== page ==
Pre-purchase property inspections are highly desirable before you buy for essentially two reasons.

Firstly it should be a practical warning against significant defects in the property that you may not be aware of. Secondly it is strategic, to be used as a negotiating tool in the purchase. Simply, if significant defects exist, you can use the report to justify offering a much lower price. However, there are problems and misconceptions.

Customers often wrongly believe a pre-purchase report reports on everything. It does not. No property inspector is an expert at everything. For example, some inspectors say they check electrical, but how can that be if they are not licensed electricians? The same holds true for plumbing, air conditioning, structural and regulatory and title matters. So it leads to a situation where inspection will exclude (exclusions) a whole array of matters outside of an inspector’s expertise.

Some purchasers are also under the misconception is that property inspection is some form of insurance that will prevent future defects. Simply put, it’s not.

Then there are problems with inspections, often to do with access. A furnished building cannot be fully inspected – you can move a chair to have a look but if you moved a chair why didn’t you move a bedside table, bed, lounge, wardrobe, rugs, and pictures on the wall? The problem is that when you are inspecting someone’s home, you are a stranger in their home. Whether it’s an owner or a tenant, you cannot turn everything upside down.

There are further access difficulties. Roof space is often obstructed by heating and air conditioning ducting, or by a low pitch line. Safety is also a concern. Do you walk on the roof of a two-storey building that has no safety rails? There are lone wolf inspectors out there that make big claims about walking on the roof but they never employed another inspector. Had they done so, they would be acutely aware of OH&S responsibilities and having a safe inspection practice for the employees. Good inspectors go as far as they can without damaging anything, and then report access restrictions.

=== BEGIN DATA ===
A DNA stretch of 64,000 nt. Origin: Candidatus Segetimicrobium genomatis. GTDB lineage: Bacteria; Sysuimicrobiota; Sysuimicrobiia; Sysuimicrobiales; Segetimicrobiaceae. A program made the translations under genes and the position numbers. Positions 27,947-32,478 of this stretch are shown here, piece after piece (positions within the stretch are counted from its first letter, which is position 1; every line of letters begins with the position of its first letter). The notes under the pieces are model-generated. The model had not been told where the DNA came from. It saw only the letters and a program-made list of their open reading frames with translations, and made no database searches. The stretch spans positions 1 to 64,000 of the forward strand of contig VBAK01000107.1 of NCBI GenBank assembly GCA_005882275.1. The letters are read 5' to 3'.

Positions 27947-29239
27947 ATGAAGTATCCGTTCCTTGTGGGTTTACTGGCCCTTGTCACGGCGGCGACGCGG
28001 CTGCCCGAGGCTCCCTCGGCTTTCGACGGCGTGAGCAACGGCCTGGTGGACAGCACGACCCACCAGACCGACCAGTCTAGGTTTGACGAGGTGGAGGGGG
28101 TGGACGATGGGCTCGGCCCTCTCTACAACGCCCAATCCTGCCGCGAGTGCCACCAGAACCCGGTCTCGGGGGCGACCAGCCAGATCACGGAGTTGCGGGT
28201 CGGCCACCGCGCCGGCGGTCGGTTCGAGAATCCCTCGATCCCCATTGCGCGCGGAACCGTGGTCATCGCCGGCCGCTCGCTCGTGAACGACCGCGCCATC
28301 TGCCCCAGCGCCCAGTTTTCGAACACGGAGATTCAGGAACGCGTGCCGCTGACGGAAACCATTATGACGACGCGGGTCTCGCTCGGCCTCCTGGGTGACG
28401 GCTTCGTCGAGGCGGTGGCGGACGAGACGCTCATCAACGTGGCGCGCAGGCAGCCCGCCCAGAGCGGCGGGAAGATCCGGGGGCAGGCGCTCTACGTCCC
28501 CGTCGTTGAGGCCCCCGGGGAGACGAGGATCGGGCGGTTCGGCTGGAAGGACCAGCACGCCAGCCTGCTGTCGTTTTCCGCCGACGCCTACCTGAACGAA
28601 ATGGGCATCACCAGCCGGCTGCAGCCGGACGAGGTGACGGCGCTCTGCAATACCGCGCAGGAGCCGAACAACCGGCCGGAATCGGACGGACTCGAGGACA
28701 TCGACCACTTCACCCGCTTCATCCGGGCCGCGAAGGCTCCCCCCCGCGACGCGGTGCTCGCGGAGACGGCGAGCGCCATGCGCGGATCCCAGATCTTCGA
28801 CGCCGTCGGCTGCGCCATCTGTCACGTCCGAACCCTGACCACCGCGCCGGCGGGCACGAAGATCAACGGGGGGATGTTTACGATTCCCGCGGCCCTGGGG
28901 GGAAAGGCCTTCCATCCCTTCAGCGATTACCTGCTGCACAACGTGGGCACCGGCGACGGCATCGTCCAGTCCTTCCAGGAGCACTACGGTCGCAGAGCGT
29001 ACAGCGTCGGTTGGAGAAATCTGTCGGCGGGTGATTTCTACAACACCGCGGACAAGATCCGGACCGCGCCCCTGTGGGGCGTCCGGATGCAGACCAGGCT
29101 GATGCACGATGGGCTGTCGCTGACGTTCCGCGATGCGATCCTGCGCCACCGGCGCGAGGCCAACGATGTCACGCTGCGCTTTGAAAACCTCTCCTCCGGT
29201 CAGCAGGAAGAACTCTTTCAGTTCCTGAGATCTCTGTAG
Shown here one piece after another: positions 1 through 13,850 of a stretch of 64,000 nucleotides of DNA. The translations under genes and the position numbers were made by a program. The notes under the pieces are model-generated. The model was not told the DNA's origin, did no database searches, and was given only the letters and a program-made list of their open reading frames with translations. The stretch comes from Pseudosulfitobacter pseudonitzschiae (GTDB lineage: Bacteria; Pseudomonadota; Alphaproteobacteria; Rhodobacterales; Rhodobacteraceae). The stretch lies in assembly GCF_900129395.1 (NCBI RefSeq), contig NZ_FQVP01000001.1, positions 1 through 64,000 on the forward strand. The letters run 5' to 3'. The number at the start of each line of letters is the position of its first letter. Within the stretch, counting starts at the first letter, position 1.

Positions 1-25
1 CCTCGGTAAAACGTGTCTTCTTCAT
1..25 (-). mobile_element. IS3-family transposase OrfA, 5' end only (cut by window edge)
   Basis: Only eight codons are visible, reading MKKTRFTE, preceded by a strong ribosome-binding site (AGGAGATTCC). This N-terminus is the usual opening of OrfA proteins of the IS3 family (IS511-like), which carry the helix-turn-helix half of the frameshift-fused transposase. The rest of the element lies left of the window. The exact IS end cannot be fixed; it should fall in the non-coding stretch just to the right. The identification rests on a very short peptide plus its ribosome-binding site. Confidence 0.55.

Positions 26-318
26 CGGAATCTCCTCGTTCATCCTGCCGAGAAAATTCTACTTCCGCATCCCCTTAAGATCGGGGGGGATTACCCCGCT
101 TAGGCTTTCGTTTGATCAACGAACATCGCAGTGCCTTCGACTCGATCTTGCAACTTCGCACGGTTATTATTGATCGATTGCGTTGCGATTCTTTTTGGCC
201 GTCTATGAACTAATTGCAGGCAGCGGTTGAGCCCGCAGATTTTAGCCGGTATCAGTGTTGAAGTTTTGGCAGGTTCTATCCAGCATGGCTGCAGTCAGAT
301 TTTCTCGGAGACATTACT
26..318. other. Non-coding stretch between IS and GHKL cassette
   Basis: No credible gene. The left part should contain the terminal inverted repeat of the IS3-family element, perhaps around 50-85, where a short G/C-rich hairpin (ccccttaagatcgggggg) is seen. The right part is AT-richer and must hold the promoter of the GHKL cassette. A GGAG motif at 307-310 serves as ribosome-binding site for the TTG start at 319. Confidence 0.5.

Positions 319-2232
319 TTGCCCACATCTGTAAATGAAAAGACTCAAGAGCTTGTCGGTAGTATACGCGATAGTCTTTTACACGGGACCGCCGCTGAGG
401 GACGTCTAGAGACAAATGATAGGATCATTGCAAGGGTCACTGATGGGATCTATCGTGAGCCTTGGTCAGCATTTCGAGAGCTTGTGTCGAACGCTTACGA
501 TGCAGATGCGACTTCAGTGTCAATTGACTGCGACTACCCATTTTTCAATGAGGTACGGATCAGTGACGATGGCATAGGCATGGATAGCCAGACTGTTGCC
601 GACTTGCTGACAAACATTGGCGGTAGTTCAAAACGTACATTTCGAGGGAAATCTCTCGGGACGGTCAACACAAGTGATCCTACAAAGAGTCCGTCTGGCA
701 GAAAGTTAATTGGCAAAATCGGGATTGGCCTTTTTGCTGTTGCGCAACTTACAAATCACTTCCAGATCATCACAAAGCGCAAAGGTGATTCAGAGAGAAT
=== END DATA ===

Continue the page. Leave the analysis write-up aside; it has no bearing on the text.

Sub floor space may be restricted by stored goods, or it may be contaminated with pesticide or broken asbestos cement from renovations. So in addition to restrictions, there are safe access limitations. Property inspection is an inherently dangerous occupation and the inspector is alone on his own, whether walking on the roof, crawling in the roof space, or in the sub floor space.

Fortunately there is guidance in the form of AS 4349.0,4349.1 and 4349.3 that sets out the purpose of pre-purchase property inspections, exclusions, limitations and disclaimers. More importantly, it requires a pre-inspection agreement where the customer can be informed about exclusions, limitations and disclaimers and agree before proceeding with the inspection.

To summarise, a property inspection and report is an attempt to discover and report on significant issues before a client makes a decision to buy. It is not a guarantee that there are no defects that cannot be detected due to inspection limitations. Just as GP cannot see inside your chest without an X-ray or know about your blood without a blood test, the inspector cannot see everything. Of course, if there are symptoms of underlying problems, then further invasive inspections can be recommended.

The healthy way to look at a pre-purchase inspection is as a valuable tool in risk reduction in helping to make a decision whether to buy or not and or to negotiate. Notwithstanding limitations, exclusions and disclaimers, property inspections deliver the right information in the vast majority of cases.